A close up of the astrological clock in Piazza San Marco, Venice. 12 signs of the zodiac are depicted.iStockPhoto

Like many astronomers, I found myself (yet again) in an uncomfortable position last weekend. A stranger, upon learning I was an astronomer, said, "Oh, I'm a Gemini, what are you?" How many more times can I smile sweetly back, with a laugh, and say: "I'm not an astrologer, that's not what I do, I'm an astronomer."?

Look at the statistics and you'll see that there are more people now than ever before who read their star signs in the daily news. We live in a time that is more scientifically aware than any other period in history and yet people still believe the stars and planets can determine their fate.

Interestingly, astronomy and astrology share the same origins; in fact it's accurate to say that astrology came first. Ancient civilizations tried to find sense in the happenings in the sky and attribute them to their lives.

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We soon learned that perhaps there was no mystical force determining our future and the two subjects split into astronomy (the branch of physics that studies celestial bodies and the Universe as a whole) and astrology (a pseudoscience claiming divination by the positions of the planets, sun and moon).

Today though, astrology has turned into nothing more than a fairground act and astronomy has turned into a science having to point out the difference! And this is where I come in.

I thought it was interesting, as an (ahem) impartial writer that I highlight a couple of stumbling blocks supporting my belief that astrology really is a load of rubbish.

The zodiac is the band around the sky where the sun, moon and planets move through. The signs of the zodiac are the constellations of stars within this band. Both astronomers and astrologers agree on this bit.

But according to astrologers there are 12 signs of the zodiac. Wrong! There are 13 signs of the zodiac; Ophiuchus is the 'new' one yet for some curious reason I have never come across an Ophiuchian!

Taking the concept of the signs of the zodiac, I was born in July which means that when I was born the sun was in Cancer. Wrong again. Originally yes, the sun would have been in Cancer when the star/sun charts were produced about 2000 years ago. But in reality, the wobble of the Earth on its axis — which we call "precession" — has led to them being all out of sync.

In fact, when I was born, way back in July 1973, the Sun was in Gemini. News Flash: you're all reading the wrong star signs! All those astrology columns you've read that seemed spot-on were a fluke. Surprising eh?

The last point I want to throw out to the cyber world is the discovery of planets. Until 1781 there were only five planets known to affect us in the minds of astrologers: Mercury, Venus, Mars, Jupiter and Saturn.

In 1781, astronomer Sir William Herschel spotted an object moving in the sky and originally thought it was a comet but later realized its planetary nature. The object was the gas giant Uranus.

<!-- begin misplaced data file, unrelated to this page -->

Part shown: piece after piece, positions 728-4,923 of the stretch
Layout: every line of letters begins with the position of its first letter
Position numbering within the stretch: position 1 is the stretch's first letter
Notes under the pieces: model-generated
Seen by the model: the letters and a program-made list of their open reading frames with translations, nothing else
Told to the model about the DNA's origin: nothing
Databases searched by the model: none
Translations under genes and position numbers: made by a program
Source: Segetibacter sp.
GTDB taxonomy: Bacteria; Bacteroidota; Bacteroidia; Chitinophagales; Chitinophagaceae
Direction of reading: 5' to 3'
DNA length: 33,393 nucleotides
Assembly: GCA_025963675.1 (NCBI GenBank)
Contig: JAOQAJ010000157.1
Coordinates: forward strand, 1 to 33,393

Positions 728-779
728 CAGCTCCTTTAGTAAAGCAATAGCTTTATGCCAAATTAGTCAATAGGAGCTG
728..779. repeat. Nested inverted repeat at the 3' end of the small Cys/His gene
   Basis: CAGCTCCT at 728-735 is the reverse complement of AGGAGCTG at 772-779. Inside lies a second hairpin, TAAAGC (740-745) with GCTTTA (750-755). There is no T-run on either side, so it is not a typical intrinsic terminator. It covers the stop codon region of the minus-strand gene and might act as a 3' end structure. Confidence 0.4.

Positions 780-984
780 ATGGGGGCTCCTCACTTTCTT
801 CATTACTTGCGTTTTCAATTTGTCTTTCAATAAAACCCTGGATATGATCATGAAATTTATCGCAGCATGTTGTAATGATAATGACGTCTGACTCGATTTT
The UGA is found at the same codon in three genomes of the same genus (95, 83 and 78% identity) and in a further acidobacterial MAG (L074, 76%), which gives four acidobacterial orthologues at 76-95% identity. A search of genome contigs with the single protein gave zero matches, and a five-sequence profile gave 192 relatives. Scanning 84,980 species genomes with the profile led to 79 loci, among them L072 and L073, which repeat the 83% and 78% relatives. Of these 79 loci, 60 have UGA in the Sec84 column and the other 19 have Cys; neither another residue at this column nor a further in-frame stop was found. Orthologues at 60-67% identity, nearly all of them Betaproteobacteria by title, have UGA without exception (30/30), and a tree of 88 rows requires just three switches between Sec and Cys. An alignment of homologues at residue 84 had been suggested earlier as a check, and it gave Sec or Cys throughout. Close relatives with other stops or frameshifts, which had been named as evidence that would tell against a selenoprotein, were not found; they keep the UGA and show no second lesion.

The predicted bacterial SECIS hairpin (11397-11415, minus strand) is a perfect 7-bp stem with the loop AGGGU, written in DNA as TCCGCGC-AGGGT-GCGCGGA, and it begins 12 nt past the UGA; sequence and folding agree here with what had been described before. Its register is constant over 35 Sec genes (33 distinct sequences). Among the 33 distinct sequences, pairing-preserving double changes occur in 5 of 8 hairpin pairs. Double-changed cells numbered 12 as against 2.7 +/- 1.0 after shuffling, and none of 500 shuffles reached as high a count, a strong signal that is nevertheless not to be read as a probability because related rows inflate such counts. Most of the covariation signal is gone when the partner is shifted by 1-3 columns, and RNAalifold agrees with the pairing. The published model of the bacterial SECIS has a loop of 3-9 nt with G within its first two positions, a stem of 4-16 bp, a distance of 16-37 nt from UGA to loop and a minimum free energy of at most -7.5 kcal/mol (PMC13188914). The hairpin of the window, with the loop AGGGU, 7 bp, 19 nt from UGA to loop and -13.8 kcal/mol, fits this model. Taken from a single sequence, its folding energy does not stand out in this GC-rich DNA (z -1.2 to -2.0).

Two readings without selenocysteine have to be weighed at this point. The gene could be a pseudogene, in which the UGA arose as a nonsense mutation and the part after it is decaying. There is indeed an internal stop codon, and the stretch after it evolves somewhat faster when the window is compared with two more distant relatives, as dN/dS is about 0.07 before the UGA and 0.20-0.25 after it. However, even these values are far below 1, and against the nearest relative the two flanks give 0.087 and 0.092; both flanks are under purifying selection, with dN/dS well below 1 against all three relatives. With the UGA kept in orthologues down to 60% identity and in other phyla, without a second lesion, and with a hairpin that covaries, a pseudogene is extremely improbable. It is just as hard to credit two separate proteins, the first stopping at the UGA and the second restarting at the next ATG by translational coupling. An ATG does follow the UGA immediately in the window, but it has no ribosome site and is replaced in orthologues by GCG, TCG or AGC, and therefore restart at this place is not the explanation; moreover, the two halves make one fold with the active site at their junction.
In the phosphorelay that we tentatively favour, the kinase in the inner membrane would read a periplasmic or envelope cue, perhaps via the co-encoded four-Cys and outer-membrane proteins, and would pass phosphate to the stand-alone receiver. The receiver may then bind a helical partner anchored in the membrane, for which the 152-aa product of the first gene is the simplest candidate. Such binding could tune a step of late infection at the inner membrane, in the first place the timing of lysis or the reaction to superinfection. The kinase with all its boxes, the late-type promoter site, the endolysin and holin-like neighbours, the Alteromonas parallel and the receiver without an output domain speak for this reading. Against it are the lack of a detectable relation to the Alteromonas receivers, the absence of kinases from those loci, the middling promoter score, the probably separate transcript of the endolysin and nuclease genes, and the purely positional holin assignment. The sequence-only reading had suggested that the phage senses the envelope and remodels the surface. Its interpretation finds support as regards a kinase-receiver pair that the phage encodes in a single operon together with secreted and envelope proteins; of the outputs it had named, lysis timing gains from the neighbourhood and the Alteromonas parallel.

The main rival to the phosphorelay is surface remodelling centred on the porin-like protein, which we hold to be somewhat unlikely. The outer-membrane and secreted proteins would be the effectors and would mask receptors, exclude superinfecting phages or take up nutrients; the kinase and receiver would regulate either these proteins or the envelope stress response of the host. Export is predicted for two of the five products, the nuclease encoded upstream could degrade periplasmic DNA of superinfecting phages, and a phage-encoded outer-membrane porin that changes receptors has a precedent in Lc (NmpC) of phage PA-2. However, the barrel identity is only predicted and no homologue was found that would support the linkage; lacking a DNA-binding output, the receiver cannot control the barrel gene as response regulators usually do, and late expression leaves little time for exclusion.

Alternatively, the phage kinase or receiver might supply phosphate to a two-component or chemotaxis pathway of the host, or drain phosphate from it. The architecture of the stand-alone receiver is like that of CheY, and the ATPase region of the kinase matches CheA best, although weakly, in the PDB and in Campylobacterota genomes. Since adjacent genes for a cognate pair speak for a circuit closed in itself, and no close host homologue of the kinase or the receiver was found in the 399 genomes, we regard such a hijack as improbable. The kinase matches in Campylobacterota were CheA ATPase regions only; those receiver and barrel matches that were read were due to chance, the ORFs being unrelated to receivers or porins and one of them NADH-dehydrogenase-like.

In 1846, another discovery was confirmed, the eighth planet in the solar system. This was an ingenious piece of work combining mathematics and observation. Astronomers noticed some peculiarities in the way Uranus moved through the sky and, after painstaking observation, concluded it must have been the gravitational tug from another object causing its curious motion. The position of the new planet was calculated from the movements of Uranus and subsequently identified telescopically. Neptune had been found.

The interesting thing here is that until the scientific discovery of the two new planets, astrologers had not once mentioned them. Following their discovery they found their way into astrological predictions. If they had a real impact on our lives, surely astrologers should have discovered them or at least known they were out there before astronomers?

Finally, don't even get me started on the nature of the magic/fairy dust that allows a planet to affect us here on Earth.

Science has shown us through measurement, observation and experimentation that there are four forces in the Universe: electromagnetism, strong interaction, weak interaction and gravitation. For reasons too detailed to go into in this article, none of them can impact humanity purely from the positions of the stars in the sky or how aligned the planets are.

If there is some mystical force (other than the fundamental four above) affecting our lives from the planets, then clearly distance is no object for this force as it doesn't matter if a planet or star is near or far.

How does it work, then, that we have found hundreds of exoplanets orbiting other stars? Or that there are over 200 billion stars in the Milky Way? Surely that 'force' would also be affecting us. Thankfully it doesn't, otherwise we would all be running round as complete loonies with all these 'influences' flying at us from all directions.

As you can tell, I'm not fond of astrology. It's all about telling people what they want to hear and we fragile humans' wanting something to believe in. After all, I've never once heard someone read out their predictions telling them that today is going to be a rubbish day; may as well just stay in bed.

Mark Thompson is a writer and astronomy presenter for the UK's BBC One Show. He also writes for his own website The People's Astronomer and you can follow him on Twitter: @PeoplesAstro.